From Bloomberg last month:

Sales of previously owned U.S. homes fell in June to the lowest level in a decade as tumbling real- estate prices and consumer confidence signal no end in sight to a housing recession now in its third year.

Resales dropped 2.6 percent to a lower-than-forecast 4.86 million annual rate from a 4.99 million pace the prior month, the National Association of Realtors said today in Washington. The median home price dropped 6.1 percent from June of last year.

From Bloomberg today:

Existing U.S. home sales fell to a 10-year low in the second quarter and the median price for a single-family house dropped 7.6 percent as the real estate recession deepened.

The median tumbled to $206,500 from $223,500 a year earlier, the Chicago-based National Association of Realtors said today. Sales of single-family houses and condominiums fell 16 percent to 4.913 million at an annualized pace.

In terms of those transactions, “foreclosures and ‘short sales,’ in which lenders agree to take a loss on a property, accounted for a third of all sales in the quarter.”
And as they say, live by the median, die by the median (or something like that).
U.S. Home Resale Rate Falls To Ten Year Low (And 33% Below 2005) [SocketSite]
U.S. Home Sales Fall to 10-Year Low as Prices Tumble [Bloomberg]

10 thoughts on “U.S. Home Resale Rate Falls To Ten Year Low (Again)”
  1. At that burn rate, they’ll run out of cash in a “mere” 7 years.
    I’m sure they’re updating their resumes in anticipation of a quick demise — not.

  2. I wonder if in general short sales/foreclosures are used as comps. My understanding is that in general they are not. However, if they make up 1/3rd of sales then one could reasonably conclude that they are representative of a large chunk of the market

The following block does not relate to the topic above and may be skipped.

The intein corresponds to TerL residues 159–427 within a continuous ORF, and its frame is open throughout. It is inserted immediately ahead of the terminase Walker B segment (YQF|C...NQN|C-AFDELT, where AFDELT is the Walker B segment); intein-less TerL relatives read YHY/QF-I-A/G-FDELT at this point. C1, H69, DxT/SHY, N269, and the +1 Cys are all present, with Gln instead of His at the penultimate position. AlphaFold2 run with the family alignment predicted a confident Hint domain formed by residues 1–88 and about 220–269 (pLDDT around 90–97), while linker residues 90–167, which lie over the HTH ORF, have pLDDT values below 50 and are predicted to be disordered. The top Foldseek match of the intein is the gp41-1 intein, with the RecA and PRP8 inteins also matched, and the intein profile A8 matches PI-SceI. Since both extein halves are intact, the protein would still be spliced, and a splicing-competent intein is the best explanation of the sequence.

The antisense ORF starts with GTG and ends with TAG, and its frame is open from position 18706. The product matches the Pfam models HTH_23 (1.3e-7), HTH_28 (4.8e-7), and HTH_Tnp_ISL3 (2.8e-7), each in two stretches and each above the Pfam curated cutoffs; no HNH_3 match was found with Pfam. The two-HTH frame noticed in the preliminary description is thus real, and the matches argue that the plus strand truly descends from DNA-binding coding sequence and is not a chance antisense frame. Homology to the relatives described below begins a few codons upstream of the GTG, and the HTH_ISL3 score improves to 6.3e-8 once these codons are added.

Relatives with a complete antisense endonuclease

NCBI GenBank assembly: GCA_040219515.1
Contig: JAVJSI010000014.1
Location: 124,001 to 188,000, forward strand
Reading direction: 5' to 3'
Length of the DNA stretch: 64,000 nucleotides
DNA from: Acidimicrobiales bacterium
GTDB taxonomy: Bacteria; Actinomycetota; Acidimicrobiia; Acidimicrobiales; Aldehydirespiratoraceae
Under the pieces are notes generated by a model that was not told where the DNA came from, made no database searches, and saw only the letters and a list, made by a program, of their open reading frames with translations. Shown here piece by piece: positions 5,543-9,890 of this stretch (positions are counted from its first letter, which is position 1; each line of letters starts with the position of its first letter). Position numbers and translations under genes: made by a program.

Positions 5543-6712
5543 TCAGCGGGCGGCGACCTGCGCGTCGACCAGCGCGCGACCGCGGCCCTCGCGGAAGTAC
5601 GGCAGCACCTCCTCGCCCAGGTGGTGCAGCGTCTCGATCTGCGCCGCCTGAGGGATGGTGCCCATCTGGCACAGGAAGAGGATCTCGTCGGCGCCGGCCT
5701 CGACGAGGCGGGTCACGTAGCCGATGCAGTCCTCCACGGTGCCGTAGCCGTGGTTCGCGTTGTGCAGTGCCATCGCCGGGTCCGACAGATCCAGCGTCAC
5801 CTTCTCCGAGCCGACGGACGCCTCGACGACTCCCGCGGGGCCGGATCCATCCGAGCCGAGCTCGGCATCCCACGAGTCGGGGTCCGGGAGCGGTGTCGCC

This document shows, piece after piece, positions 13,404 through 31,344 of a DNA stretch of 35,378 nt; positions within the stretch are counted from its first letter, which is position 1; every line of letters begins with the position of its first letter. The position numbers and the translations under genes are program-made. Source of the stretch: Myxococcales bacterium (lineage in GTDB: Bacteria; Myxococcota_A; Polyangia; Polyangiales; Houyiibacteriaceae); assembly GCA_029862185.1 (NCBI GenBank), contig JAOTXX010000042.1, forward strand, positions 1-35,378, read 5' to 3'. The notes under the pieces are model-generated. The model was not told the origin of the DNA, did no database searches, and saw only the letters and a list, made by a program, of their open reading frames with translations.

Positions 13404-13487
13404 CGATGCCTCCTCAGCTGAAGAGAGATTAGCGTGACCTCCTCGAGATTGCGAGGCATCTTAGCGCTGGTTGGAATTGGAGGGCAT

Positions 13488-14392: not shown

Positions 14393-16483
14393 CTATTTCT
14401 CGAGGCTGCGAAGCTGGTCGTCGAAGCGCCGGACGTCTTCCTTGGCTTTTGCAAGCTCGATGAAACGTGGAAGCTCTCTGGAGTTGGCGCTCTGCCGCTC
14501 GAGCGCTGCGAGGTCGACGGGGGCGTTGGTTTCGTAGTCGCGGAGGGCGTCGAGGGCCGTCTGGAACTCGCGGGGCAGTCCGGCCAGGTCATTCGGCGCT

clearly, this hasn’t happened in SF yet though.

  3. “Many real estate agents are learning some basic math: five percent of nothing is nothing.”
    Many haters have yet to learn this lesson: Saying nothing about nothing they have no involvement with, online, and in a tone they would never use in polite society, is nothing X (times) approximately fifty ka-jillion.

  4. Did I accidentally strike a nerve? You’re a commission salesman, right? Not that there’s anything wrong with that, but what do you produce? Anything?
    In my opinion, you’re constantly trying to bully contrarians, doubters, and naysayers about real estate on this site. You once stated in June that the Ritz-Carlton was a SOMA condo building, and when somebody politely pointed out to you that it’s actually north of Market Street, you dismissed that rudely, like a sixth-grader.
    I’m not a real estate agent, but I am a potential customer. My opinion counts as much as a seller’s, but way more than an agent’s. In my view, the buyer and the seller are the principals; the agent is the parasite.

  5. Anonymous – your “5% X nothing” comment comment is misdirected. Usually the sellers control the sales price, not the agent. I’m sure many agents are facing situations where they know a home is priced too high to make a sale but they may have limited influence over the sellers to get them to drop the price.
    Ultimately the sales rate will return to normal. Market forces are just too powerful to overcome inertia.
    And note that boom and bust cycles actually increase the overall transaction rate in the long run and hence boost RE agent’s commissions. If you had only a steady slowly appreciating market, you wouldn’t have appreciation speculators and flippers causing 2X the number of sales for a property via seller-speculator-buyer transaction pairs vs. the traditional direct seller-buyer transaction. A steady market also doesn’t trap buyers with mortgages they cannot afford resulting in additional transactions from unexpected and unwanted premature sales and foreclosures.
    Realtors thinking long term will be just fine and might even make a killing during this bust cycle.

  6. “I wonder if in general short sales/foreclosures are used as comps.”
    When a place is foreclosed and sold on the court house steps it is not counted as a comp as it is not an arms length transaction.
    When a bank owned property is subsequently sold that is an arms length transaction and is counted as a comp.

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